Three quarters of people responding to a consultation proposing to axe one of Wrexham’s full-time fire crews are opposed to the move.
A crunch meeting to discuss the North Wales Fire and Rescue Authority’s plans to slash £1 million from its budget by 2019-20 is to be held in Wrexham on Monday.
Among the plans to save money were proposals to cut a full time crew from Wrexham, losing 24 firefighter posts in the process.
But of the hundreds of people who responded to the consultation, 76.6 per cent said no fire and rescue services should be cut and that county councils should cover all the additional costs.
And 83.4 per cent of respondents agreed that fire and rescue services in North Wales should not be cut, even if it means people have to pay more council tax to cover the cost.
In the autumn of last year, the authority conducted the public consultation entitled ‘Affordable fire and rescue services for North Wales.’
It invited anyone with an interest to give their views on how fire and rescue services should be developed in North Wales in the next few years.
People were asked to respond to the consultation either by post, email or via an online questionnaire.
The consultation closed on December 12, 2016, with a total of 346 responses received via the online questionnaire and a further 27 written responses received via email and post.
More than half of people who responded either strongly disagreed or disagreed that if the region has to make do with one less fire engine, then it would make most sense to take it away from the fire station that has the most fire engines (i.e. from Wrexham, which is the only fire station in North Wales that has three fire engines).
A report due to go before the authority at the meeting states: “Some concern was expressed that removing a wholetime fire engine from a large town like Wrexham would leave the local population vulnerable and the service unable to deal with its workload.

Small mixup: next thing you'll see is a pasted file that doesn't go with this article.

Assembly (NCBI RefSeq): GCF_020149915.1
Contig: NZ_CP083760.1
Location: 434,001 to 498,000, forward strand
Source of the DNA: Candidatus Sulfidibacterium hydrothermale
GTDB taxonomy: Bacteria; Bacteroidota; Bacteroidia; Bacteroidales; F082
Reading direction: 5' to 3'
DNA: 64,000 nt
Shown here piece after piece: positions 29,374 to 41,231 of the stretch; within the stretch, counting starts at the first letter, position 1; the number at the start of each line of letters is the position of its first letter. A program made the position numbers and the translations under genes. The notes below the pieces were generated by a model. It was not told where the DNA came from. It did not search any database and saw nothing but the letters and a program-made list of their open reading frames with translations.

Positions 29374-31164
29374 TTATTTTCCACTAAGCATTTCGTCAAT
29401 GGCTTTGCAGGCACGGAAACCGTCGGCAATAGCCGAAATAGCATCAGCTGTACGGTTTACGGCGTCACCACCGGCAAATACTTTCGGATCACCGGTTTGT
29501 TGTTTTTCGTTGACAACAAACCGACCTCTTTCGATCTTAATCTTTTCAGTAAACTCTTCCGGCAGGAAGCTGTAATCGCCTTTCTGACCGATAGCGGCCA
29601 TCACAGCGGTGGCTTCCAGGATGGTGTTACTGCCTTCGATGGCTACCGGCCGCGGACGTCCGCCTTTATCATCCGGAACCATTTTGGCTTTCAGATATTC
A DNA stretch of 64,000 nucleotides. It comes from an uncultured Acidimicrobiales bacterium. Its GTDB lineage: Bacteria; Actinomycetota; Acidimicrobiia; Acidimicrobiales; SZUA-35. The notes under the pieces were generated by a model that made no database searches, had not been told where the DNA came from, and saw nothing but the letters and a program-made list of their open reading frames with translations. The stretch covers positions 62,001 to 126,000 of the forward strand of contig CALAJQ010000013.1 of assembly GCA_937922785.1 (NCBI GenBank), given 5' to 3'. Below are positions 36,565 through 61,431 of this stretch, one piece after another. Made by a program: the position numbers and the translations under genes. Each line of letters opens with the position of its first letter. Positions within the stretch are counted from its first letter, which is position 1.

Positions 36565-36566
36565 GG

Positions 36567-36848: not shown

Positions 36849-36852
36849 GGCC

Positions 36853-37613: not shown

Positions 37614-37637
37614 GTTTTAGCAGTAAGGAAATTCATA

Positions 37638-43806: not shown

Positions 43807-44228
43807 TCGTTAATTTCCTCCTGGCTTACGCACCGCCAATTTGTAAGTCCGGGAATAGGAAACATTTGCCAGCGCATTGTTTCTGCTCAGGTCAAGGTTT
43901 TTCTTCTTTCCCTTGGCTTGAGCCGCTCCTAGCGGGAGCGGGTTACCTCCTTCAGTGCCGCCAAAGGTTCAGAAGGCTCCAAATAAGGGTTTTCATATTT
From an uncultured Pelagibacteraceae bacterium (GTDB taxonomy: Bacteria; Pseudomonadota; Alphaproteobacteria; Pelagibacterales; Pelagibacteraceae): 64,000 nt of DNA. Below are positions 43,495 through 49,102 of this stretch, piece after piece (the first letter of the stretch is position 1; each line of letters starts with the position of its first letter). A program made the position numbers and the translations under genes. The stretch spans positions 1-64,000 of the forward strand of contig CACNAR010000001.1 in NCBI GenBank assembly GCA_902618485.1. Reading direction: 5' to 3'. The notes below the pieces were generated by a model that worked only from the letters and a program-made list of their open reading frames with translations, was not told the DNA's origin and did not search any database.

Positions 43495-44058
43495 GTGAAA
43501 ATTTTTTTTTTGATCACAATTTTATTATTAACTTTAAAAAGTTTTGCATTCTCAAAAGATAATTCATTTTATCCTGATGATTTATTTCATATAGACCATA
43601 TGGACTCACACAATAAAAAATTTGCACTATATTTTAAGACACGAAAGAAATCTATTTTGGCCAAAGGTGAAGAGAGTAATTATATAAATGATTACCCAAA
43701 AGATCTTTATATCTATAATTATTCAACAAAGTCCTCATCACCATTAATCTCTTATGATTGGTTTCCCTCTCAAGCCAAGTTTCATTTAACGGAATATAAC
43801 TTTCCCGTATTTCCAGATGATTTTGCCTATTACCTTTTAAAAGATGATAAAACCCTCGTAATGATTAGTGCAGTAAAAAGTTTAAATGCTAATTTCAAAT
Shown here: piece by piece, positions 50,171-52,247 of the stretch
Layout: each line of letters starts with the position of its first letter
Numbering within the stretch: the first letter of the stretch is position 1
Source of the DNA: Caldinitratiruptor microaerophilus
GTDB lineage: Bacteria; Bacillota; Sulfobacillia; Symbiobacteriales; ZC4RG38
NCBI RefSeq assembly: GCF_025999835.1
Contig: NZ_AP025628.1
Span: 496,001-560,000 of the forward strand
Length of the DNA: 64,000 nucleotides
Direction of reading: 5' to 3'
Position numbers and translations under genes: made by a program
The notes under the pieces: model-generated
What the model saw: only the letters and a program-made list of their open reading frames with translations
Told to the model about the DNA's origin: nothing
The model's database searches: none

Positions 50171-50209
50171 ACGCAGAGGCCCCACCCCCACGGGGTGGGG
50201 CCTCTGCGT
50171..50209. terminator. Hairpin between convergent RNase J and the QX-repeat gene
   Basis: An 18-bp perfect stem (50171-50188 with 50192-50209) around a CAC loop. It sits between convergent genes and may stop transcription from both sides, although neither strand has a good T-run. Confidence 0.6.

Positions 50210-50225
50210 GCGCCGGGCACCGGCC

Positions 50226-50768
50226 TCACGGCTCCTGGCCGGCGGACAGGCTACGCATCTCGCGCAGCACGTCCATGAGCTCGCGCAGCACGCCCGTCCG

“The authority acknowledges the concerns in the Wrexham area, and has consistently stated that it was with great reluctance that it came to the conclusion that it would need to remove a wholetime fire appliance in order to secure the necessary savings.
“However, the number of fire engines and their location is a matter for each Fire and Rescue Authority to determine for its own area, based on known risks and affordability.
“Comparisons show that one wholetime and one retained fire engine in Wrexham would not only match the provision at Deeside and Rhyl, for example, but would also be consistent with fire cover provision elsewhere in Wales and in other towns and cities of comparable size in the United Kingdom.
“The authority has a duty to ensure that its resources are used as effectively as possible to provide affordable services for the whole of North Wales.
“This proposal would ensure that a wholetime and a retained fire engine would still be based in Wrexham, and that no community would see its fire station close.”
The report also states that it is not believed HMP Berwyn opening on Wrexham Industrial Estate would have a significant impact on the fire service’s workload.
It adds: “Some people opposed to removing a wholetime fire engine from Wrexham saw it as an unfair reduction in service in just one area, especially as the financial strategy meant that the county borough council would still be asked to contribute more to meet the annual running costs of the fire and rescue service.
”Some went so far as to suggest that service reductions should not be confined to just one county area, and that every county should take a share of service reductions.
”The authority provides fire and rescue services for the whole of North Wales. No part of North Wales is entirely or exclusively reliant on the fire resources based in its own areas.
”Fire engines and other specialist appliances routinely cross from one area to another and some services, such as the control room, are provided centrally rather than from six different locations.
”The financial contribution made by county councils is for fire and rescue services in their area, but is not limited to only the resources based within their area.
”Removing a fire engine from Wrexham would constitute a service reduction for the whole of North Wales, not just for Wrexham, but it would also mean a smaller increase in financial contributions than would otherwise be required if the authority decided not to make any service reductions.”
The meeting, which is open to the public, will be held at the Guildhall in Wrexham on Monday starting at 10.30am.